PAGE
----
Tag: minimum wage

The Curse of Motivated Reasoning against Econ 101

Earlier this month, James Kwak penned an extensive critique for The Atlantic of the Econ 101 view that government-imposed minimum wage rates lead to job losses. There is a lot of muddled thinking in the article, not least that it constantly conflates poverty and inequality. But for the sake of brevity, here are 9 observations:

  1. The theoretical and empirical literature does suggest the minimum wage question is more complex than first imagined, and it should not surprise us that reality lies somewhere between the perfectly competitive model of the labor market and the monopsonistic one, depending on the time and sector analyzed.
  2. However, the bulk of the detailed empirical literature still supports Econ 101’s prediction that raising wages by government dictat reduces labor demand, particularly for certain groups (the young and lowest skilled). Of course, the “bite” of the minimum wage is significant. That an increase from $7.25 to $8 may not have a large effect on the labor market does not mean that a rise to $15 wouldn’t have a much bigger effect.
  3. Reductions in labor demand need not mean higher unemployment per se (and so tracking time series of unemployment against minimum wage rates is unhelpful.) It may affect hours offered, lower the quality of jobs as firms cut back on financing training, or lead to cuts to other employee benefits. More recent evidence also stresses the dynamism of the labor market – minimum wage hikes may not manifest themselves through immediate job cuts (not least because of redundancy costs and stickiness of contracts/orders), but can lower the propensity to hire in future and hence slow job growth.

Workers Will Get a Raise Today — or Will They?

The legal minimum wage will increase in 20 states today. The Wall Street Journal news story on that fact starts out accurately enough:

Minimum wages will increase in 20 states at the start of the year, a shift that will lift pay for millions of individuals and shed light on a long-running debate about whether mandated pay increases at the bottom do more harm or good for workers.

But it quickly segues into the same error that afflicts most such stories:

In California, the minimum goes up 50 cents, to $10.50 an hour, boosting pay for 1.7 million individuals.

Wages are also going up in many Republican-led states, where politicians have traditionally been skeptical of the benefits of minimum-wage increases.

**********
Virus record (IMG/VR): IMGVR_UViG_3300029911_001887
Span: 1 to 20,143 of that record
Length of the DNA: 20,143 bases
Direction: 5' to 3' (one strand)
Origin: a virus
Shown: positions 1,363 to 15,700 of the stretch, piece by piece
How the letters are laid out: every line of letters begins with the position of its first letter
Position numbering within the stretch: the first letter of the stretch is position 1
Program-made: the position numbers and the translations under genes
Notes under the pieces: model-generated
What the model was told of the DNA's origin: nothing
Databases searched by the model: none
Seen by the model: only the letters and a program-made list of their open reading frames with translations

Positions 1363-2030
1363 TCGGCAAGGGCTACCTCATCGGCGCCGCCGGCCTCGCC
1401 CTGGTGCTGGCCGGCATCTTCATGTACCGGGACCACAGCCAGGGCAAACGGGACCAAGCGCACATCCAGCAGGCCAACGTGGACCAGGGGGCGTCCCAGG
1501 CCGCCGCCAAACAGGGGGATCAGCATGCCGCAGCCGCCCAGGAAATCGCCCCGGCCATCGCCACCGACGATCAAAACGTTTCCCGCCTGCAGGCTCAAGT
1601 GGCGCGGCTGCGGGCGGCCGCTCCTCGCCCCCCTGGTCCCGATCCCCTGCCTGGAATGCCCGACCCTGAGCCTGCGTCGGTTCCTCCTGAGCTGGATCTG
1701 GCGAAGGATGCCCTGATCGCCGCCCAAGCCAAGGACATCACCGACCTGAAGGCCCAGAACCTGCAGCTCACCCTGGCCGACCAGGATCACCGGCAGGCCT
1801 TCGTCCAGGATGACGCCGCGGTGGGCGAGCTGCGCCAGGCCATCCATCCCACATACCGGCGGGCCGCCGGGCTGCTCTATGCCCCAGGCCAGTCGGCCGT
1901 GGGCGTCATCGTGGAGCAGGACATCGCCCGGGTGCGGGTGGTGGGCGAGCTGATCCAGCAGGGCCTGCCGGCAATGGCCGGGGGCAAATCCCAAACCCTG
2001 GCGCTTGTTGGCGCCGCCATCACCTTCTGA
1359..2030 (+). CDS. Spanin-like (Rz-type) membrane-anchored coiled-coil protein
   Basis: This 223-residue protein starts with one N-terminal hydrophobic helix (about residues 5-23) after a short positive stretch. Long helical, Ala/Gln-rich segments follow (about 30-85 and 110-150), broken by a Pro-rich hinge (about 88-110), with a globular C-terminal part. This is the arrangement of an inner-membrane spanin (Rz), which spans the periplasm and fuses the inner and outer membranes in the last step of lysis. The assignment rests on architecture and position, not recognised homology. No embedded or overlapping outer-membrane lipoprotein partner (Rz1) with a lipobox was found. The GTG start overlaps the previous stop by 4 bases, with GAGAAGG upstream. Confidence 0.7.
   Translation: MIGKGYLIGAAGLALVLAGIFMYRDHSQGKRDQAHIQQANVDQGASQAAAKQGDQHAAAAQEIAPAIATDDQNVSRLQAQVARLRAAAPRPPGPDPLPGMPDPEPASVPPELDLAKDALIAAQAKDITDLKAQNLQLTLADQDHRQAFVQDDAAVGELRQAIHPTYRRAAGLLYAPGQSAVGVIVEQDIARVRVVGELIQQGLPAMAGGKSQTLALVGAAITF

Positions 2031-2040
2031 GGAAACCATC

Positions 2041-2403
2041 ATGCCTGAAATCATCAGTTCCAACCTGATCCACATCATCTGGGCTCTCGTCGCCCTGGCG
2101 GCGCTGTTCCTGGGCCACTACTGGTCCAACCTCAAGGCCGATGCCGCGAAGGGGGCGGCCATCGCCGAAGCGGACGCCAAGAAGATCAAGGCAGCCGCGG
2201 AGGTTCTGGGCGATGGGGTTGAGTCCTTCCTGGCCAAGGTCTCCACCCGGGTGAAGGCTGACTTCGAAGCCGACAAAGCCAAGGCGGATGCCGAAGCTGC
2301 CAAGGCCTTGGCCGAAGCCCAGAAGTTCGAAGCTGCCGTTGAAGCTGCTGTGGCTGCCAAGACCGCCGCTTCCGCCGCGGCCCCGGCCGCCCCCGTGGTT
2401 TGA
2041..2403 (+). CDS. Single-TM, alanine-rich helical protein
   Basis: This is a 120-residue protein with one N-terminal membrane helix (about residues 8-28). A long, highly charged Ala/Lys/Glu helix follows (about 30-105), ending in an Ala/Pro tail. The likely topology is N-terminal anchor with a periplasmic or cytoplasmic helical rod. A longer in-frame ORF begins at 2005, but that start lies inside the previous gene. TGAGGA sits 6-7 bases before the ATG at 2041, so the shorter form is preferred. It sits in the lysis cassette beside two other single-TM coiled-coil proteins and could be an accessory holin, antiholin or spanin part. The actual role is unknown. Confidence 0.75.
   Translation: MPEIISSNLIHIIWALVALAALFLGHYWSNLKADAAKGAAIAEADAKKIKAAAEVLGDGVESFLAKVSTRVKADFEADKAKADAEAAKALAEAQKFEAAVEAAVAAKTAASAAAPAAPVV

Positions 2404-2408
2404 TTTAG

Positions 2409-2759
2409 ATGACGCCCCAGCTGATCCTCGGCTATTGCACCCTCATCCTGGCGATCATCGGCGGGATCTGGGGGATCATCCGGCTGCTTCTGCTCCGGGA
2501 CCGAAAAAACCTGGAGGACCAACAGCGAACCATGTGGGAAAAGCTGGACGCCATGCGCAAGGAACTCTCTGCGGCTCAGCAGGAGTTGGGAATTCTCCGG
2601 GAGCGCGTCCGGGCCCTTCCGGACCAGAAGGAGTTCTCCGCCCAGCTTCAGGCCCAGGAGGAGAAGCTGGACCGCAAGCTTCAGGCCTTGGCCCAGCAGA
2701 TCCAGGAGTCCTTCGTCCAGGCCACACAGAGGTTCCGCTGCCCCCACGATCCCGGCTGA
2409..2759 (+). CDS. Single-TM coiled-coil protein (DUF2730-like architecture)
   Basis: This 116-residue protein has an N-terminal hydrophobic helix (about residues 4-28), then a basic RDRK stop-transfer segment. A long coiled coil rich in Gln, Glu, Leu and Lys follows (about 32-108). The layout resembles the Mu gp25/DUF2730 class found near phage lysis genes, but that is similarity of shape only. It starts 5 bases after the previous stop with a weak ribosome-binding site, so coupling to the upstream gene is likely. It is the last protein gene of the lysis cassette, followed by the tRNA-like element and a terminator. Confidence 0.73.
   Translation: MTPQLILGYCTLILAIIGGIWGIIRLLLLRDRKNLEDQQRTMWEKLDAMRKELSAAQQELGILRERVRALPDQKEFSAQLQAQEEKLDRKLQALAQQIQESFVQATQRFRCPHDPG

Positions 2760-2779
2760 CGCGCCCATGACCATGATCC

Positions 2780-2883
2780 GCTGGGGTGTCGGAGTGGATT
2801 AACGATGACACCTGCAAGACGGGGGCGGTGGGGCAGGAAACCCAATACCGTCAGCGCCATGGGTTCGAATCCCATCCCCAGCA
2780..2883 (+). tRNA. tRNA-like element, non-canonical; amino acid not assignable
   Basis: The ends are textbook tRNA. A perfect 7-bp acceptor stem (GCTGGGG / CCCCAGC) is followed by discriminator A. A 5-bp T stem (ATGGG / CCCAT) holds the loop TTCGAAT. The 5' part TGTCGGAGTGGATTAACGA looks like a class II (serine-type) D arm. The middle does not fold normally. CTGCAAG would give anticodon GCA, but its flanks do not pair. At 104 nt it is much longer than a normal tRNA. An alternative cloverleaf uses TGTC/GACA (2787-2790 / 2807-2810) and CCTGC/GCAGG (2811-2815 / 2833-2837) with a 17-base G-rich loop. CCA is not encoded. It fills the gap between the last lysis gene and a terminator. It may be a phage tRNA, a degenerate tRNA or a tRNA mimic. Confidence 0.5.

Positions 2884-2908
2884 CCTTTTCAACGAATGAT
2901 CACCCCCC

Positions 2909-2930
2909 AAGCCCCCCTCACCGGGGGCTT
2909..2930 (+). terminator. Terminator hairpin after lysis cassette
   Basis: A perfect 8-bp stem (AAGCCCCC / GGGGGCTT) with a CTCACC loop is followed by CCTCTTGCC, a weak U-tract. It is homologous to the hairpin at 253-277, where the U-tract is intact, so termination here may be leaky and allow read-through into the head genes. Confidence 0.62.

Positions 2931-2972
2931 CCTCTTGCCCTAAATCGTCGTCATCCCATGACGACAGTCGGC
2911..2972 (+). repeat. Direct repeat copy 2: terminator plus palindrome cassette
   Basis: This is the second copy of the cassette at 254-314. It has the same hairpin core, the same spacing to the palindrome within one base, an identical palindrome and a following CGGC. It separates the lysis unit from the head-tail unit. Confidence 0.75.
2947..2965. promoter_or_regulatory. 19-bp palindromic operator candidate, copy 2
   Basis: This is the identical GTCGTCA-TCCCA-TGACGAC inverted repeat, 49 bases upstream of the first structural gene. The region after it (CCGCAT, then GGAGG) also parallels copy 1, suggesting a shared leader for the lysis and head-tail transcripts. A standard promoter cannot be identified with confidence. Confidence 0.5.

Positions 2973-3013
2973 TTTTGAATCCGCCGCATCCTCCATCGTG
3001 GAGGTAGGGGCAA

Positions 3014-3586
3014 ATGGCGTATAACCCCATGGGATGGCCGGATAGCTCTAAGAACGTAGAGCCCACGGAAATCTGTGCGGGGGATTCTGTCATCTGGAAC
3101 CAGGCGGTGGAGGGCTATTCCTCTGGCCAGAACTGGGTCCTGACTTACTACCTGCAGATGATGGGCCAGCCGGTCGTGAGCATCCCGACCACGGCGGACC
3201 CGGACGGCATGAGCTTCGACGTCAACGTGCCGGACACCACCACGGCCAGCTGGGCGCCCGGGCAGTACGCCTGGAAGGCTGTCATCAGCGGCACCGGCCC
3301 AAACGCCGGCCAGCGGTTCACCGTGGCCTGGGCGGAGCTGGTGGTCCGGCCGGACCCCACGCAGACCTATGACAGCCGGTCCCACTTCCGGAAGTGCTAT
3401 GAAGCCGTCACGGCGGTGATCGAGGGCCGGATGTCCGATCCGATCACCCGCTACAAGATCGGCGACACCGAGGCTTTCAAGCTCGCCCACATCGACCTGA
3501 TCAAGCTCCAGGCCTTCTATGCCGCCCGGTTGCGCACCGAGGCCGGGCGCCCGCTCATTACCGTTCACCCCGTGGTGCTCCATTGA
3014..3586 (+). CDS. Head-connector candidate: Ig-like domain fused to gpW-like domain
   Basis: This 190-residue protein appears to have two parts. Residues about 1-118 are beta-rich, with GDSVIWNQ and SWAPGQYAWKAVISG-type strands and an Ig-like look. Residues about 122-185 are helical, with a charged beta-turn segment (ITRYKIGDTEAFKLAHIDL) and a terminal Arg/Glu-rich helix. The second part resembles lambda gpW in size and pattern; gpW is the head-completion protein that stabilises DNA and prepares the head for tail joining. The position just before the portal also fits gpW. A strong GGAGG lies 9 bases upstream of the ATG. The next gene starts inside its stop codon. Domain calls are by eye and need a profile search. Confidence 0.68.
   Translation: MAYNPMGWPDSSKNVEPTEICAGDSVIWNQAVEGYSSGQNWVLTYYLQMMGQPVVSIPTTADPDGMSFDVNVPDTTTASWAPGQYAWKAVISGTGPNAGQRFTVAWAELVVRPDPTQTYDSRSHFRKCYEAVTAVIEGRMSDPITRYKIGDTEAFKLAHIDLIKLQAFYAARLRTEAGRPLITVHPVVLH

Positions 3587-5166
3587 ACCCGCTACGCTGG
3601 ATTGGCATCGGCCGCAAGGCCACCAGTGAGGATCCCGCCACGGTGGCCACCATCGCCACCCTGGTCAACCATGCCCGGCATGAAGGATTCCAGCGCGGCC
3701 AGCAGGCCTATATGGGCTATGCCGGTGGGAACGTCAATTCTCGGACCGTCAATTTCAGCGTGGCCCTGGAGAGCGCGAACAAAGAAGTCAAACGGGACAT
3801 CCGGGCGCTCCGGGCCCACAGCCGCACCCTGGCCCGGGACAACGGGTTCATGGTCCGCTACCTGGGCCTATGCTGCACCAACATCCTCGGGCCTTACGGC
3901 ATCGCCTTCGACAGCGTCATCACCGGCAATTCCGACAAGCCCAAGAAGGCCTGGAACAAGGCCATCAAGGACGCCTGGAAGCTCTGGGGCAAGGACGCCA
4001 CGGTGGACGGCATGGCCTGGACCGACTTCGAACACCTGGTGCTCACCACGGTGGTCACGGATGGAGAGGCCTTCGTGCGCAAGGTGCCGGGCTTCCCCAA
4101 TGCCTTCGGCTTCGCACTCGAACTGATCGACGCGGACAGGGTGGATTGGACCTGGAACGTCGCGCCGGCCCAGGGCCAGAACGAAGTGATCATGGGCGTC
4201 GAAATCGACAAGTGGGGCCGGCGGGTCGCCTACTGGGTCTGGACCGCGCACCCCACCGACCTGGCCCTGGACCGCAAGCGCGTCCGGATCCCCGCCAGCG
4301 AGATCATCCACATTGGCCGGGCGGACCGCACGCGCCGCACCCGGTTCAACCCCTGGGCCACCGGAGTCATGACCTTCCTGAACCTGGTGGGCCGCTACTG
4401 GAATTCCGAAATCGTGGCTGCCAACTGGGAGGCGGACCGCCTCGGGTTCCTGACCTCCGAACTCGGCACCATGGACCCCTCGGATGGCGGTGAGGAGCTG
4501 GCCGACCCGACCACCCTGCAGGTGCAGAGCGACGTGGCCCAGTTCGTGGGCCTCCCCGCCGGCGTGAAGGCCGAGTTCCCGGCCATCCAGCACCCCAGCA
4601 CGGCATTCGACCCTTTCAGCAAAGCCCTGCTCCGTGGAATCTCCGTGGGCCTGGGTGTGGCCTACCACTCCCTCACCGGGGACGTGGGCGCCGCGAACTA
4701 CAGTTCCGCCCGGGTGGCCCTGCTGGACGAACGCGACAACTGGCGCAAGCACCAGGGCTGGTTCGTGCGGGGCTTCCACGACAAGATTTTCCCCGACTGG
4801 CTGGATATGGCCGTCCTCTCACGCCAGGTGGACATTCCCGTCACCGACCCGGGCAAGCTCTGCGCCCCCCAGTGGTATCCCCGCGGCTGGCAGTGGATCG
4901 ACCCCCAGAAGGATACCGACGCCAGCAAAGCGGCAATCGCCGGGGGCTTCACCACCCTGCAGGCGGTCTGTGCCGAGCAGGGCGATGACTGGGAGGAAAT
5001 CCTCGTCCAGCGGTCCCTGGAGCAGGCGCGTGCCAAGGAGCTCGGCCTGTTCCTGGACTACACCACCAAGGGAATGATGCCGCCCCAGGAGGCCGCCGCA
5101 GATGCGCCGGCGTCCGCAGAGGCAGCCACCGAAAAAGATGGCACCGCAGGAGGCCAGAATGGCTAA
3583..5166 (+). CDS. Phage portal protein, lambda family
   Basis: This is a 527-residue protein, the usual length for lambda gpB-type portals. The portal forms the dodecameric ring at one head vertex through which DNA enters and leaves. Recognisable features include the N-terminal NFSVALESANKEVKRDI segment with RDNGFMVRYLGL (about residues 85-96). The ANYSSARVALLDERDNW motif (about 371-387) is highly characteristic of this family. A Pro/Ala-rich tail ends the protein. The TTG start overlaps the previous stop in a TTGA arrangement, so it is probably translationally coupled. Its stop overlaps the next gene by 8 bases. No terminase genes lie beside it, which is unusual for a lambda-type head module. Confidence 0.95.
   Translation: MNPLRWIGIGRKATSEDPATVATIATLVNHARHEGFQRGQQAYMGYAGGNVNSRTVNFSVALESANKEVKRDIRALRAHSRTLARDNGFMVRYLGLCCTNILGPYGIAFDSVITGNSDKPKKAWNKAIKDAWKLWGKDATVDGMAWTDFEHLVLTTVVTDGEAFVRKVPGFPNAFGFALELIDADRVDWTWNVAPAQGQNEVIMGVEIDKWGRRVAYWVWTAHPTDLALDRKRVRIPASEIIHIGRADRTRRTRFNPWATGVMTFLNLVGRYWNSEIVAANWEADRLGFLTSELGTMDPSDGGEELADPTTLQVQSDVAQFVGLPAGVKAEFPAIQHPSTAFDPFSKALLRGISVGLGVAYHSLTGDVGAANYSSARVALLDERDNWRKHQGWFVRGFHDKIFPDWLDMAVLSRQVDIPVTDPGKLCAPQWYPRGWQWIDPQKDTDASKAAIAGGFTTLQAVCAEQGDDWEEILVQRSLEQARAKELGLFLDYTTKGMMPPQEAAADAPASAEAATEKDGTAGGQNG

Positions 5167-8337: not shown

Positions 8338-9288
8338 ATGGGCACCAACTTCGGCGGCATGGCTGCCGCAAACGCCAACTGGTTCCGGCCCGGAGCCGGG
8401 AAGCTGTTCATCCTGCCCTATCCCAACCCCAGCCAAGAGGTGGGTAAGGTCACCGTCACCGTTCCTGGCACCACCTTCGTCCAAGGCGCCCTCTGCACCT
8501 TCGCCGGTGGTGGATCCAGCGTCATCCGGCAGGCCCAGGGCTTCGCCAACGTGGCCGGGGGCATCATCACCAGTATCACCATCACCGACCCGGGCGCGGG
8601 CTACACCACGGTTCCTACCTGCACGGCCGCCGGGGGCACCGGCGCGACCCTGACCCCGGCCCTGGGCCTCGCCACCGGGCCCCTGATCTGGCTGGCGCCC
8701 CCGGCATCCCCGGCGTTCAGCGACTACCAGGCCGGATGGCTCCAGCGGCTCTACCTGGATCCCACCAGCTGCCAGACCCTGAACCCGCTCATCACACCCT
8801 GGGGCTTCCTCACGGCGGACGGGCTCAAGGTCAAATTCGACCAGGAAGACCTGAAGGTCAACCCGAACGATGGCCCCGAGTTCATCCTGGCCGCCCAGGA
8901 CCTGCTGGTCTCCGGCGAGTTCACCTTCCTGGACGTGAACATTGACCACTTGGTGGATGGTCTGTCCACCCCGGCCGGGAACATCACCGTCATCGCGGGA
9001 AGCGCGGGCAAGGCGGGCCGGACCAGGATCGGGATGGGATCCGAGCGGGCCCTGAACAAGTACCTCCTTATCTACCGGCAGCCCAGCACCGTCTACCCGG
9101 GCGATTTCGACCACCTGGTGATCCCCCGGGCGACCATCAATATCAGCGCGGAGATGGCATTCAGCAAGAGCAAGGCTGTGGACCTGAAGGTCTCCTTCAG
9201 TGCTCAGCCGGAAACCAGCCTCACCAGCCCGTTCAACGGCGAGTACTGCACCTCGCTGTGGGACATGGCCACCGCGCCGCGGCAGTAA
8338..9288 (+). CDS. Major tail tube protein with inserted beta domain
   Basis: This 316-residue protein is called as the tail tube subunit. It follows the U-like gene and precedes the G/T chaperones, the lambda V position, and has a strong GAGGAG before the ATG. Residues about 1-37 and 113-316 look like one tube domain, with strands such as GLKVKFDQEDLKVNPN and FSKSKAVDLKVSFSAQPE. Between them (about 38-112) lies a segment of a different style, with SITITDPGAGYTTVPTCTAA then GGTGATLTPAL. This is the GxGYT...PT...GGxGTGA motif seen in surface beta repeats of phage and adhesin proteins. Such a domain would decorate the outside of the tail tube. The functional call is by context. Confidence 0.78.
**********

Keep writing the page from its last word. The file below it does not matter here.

In Arizona, one out of every nine workers is slated to receive a wage increase….So will tens of thousands of workers in Arkansas, Michigan and Ohio….

In all, about 4.4 million low-wage workers across the country are slated to receive a raise because they earn less than the new minimum in their respective states.

Every one of those sentences assumes facts not in evidence. What these new laws do is ensure that no worker can be paid less than a statutory minimum. They cannot ensure that every worker with a minimum-wage job will still have one if his employer required to pay more. They won’t prevent employers from replacing labor with technology, such as these McDonald’s order-taking kiosks. McDonald's kiosk

The Journal isn’t alone, of course. Here’s the Associated Press lead:

It will be a happy New Year indeed for millions of the lowest-paid U.S. workers. 

And CBS:

Millions will ring in the new year – with a raise. The minimum wage is going up in 20 states and Washington, D.C. as well.

And a Washington Post headline:

There’s some really good news for low-wage workers this weekend

What all these chipper stories fail to take into account is the possibility that some low-wage workers will lose their jobs because their work just isn’t worth the new minimum wage or the employer can’t be profitable with higher costs. There’s abundant evidence that higher minimum wage laws reduce employment, especially among young and minority workers. If only Journal reporter Eric Morath had read this op-ed headline in the Journal a year ago:

The Evidence Is Piling Up That Higher Minimum Wages Kill Jobs

Economist David Neumark, perhaps the leading student of the effects of minimum wage laws, wrote:

Economists have written scores of papers on the topic dating back 100 years, and the vast majority of these studies point to job losses for the least-skilled. They are based on fundamental economic reasoning—that when you raise the price of something, in this case labor, less of it will be demanded, or in this case hired. 

Among the many studies supporting this conclusion is one completed earlier this year by Texas A&M’s Jonathan Meer and MIT’s Jeremy West, which reaffirmed that “the minimum wage reduces job growth over a period of several years” and that “industries that tend to have a higher concentration of low-wage jobs show more deleterious effects on job growth from higher minimum wages.”

The broader research confirms this. An extensive survey of decades of minimum-wage research, published by William Wascher of the Federal Reserve Board and me in a 2008 book titled “Minimum Wages,” generally found a 1% or 2% reduction for teenage or very low-skill employment for each 10% minimum-wage increase.